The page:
So when something called Marina emerges with a very similar name, it “deceives, and is likely to deceive, others into believing that Defendant’s services are sponsored by, approved by, or affiliated with Mirina, which they are not,” the complaint reads.

Mirina argues that it told the former MDRNA that it would be creating a conflict if it changed its name to Marina, but the older company went ahead with the name change anyway. Even in just a few weeks since the newly rebranded Marina Biotech revealed its name, Mirina said it has gotten mistaken correspondence intended for the older company.

For what it’s worth, this isn’t really the first time Accelerator has been irritated by a trademark issue. Back in August 2008, Weissman talked about his annoyance at the tendency of various startup incubators around the country to refer to themselves as “accelerators” in a generic sense, like how people refer to a generic tissue as a “Kleenex.” Weissman trademarked the term Accelerator Corporation in 2003 when the venture-backed biotech startup engine was founded.

What do you make of this legal scuffle? Which Mirina or Marina do you think is more likely to prevail? What’s the best way to resolve this dispute? Ideas, suggestions, comments are welcome in the comment space below.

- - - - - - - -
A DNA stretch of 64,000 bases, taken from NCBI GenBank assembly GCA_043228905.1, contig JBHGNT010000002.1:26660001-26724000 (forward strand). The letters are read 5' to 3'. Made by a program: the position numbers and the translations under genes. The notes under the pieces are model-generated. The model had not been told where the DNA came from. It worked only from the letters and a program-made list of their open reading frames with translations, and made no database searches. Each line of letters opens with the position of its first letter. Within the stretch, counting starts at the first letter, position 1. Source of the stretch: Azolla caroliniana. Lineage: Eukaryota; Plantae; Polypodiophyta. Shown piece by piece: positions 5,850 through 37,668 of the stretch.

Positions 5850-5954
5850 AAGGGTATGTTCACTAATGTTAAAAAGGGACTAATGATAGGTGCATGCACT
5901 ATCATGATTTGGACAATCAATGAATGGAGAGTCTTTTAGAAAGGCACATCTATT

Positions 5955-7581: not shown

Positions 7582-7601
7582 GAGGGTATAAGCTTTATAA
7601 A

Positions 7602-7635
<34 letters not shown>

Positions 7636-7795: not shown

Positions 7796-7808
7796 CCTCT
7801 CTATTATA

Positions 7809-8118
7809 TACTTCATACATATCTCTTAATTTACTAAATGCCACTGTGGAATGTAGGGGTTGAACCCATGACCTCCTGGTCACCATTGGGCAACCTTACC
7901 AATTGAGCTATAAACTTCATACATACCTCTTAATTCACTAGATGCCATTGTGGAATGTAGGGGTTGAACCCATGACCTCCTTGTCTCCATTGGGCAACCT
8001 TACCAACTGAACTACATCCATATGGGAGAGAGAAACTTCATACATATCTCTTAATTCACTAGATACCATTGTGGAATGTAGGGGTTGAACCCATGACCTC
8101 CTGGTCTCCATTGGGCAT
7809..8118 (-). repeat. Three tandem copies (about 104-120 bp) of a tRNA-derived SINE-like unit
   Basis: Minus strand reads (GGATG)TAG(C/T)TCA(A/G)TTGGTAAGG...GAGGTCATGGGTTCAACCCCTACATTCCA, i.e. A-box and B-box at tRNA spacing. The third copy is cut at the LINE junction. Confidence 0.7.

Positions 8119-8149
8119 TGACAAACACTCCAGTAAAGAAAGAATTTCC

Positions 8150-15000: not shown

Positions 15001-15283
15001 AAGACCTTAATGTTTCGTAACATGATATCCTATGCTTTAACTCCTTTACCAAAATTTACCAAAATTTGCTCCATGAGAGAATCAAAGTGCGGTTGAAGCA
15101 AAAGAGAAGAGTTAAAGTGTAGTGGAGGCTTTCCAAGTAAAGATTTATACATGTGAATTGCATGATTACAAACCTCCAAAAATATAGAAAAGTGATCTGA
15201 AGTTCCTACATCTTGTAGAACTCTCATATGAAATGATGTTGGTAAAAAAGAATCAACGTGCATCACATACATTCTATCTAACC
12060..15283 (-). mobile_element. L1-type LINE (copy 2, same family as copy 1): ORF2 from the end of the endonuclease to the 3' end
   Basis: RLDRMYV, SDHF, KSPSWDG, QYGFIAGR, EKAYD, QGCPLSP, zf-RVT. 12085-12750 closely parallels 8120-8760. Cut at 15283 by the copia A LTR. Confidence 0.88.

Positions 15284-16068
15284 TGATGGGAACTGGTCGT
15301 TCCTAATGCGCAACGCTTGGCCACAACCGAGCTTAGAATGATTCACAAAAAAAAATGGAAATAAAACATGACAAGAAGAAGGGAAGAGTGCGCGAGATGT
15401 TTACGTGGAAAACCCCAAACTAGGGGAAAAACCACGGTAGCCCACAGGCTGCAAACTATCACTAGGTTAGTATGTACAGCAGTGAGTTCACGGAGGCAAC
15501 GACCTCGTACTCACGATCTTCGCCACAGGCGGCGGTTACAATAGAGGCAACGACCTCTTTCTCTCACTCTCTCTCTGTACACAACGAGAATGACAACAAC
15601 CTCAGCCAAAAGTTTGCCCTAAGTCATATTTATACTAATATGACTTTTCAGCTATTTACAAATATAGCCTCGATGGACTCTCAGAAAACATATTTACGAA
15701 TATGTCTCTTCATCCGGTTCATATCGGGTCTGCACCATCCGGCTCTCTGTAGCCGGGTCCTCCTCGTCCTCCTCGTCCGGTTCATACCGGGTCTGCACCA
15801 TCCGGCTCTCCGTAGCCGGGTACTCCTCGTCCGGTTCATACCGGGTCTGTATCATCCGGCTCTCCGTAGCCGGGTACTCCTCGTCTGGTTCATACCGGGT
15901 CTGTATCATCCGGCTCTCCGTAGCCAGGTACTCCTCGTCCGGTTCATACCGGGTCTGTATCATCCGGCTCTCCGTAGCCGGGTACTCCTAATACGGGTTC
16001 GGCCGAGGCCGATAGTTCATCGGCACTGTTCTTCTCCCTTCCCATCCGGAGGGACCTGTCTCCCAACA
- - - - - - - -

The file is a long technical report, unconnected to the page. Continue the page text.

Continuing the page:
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5 responses to “Mirina Vs. Marina: The Looming Court Battle Over Biotech Company Names”

  1. One would think that the infringing company would be just as concerned as the other with independent and distinctive name recognition. Why would you go out of your way to do this? I wish Seattle biotechs would focus on getting new drugs approved (Dendreon) and stop wasting their time with junk like this.

  2. DAphne Zohar says:

    Hi Luke. It’s always hard to come up with company names, and even harder to do sufficient diligence to ensure no other company has a similar name. However, intentionally misleading people is a bad strategy and also implies that the copycat company is not sufficiently differentiated or doing interesting things on it’s own. Not sure if that’s what happened here…

  3. copp says:

    It may be that Marina made a judgement call that Mirina wasn’t going to be around long enough to make it much of an issue. They’ll be bought out. Maybe by Marina.

  4. mpc says:

    I never knew about the existence of Mirina till I read this article. I’m sure I’m not alone. Small biotechs by nature are strapped for cash, and it could be entirely possible that Mirina is just using this lawsuit against Marina Biotech to draw attention to itself and gain exposure to more investors and capitol. There are a lot of start-up biotechs with similar names, but there aren’t lawsuits everywhere whining about name/identity infringements. C’mon Weissman, you know identity confusion happens in every industry as evidenced by your own quotes from this article. Stop the obvious publicity games and get back to trying to cure people.

  5. 1234 says:

    I’m surprised either company, being cash strapped, has the resources to be involved in a very expensive legal battle. That being said, the US is a first to use country with regard to trademarks and therefore, Mirina is likely to prevail since Marina just recently started using the name. If Mirina can actually show consumer confusion I would think it would be a slam dunk.